Philip J. Goscienski, M.D.
When a medical emergency suddenly occurs it takes at least a few moments for a rescuer to process the situation before he or she springs into action. How long that requires depends on training and experience. Tragically, in about one instance in five there is no attempt to do anything. Some bystander will probably have the presence of mind to call 911 but what if there is no answer? That is rare but it does happen.
I have personally been placed on hold on two separate occasions after dialing 911. Fortunately for the victims the delay didn't have a tragic outcome. In those instances there was probably a flood of incoming calls from elsewhere, not unusual when an event occurs in a crowded area and dozens of cell phones emerge simultaneously from pockets and purses.
In most communities when someone places a 911 call on a land line the operator immediately knows the location but that is not always true of cell phones. Newer "smart" phones have GPS capability but old ones usually do not. In either case the caller should not end the call unless directed to do so by the 911 operator.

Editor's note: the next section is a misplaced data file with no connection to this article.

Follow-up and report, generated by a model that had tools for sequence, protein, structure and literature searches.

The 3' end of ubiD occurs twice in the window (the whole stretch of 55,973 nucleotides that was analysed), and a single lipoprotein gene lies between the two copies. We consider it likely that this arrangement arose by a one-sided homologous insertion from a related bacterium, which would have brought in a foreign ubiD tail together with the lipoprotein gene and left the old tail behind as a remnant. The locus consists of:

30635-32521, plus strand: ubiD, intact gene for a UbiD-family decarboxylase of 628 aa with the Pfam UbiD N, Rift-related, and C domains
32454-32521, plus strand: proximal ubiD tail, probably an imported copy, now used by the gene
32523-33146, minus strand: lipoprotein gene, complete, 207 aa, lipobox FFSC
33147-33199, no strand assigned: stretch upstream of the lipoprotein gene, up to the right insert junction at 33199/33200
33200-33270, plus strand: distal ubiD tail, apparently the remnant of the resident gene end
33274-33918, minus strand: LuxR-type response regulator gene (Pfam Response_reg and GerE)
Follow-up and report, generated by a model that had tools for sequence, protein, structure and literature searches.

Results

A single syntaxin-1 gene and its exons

In some areas of the country emergency responders are on the scene in less than five minutes. Most communities are not so fortunate. The average response time has been reported to vary between 8 and 12 minutes. Considering that brain cells begin to die about 4 minutes after the heart has stopped it's obvious that bystanders cannot wait until help arrives even in the better served communities. If CPR can be started immediately the four-minute window can be extended much longer. In very rare but documented situations that has been more than one hour.
"Hands-only CPR" or "compressions-only CPR" is a relatively new but effective rescue method. It is based on the fact that when the heart stops suddenly (sudden cardiac arrest) there is still enough oxygen within the blood to support brain function if only it can be delivered. It eliminates the need for immediate mouth-to-mouth rescue breathing.
For those who may not have ever taken a course in CPR there are numerous online sites such as the University of Washington, http://depts.washington.edu/learncpr/index.html. That site also includes access to CPR apps for smart phones.
Many communities offer Sidewalk CPR Training that provides basic instruction and takes only a few minutes. A tiny investment can return years of life.
Philip J. Goscienski, M.D. is the author of Health Secrets of the Stone Age, Better Life Publishers 2005. Contact him at email@example.com.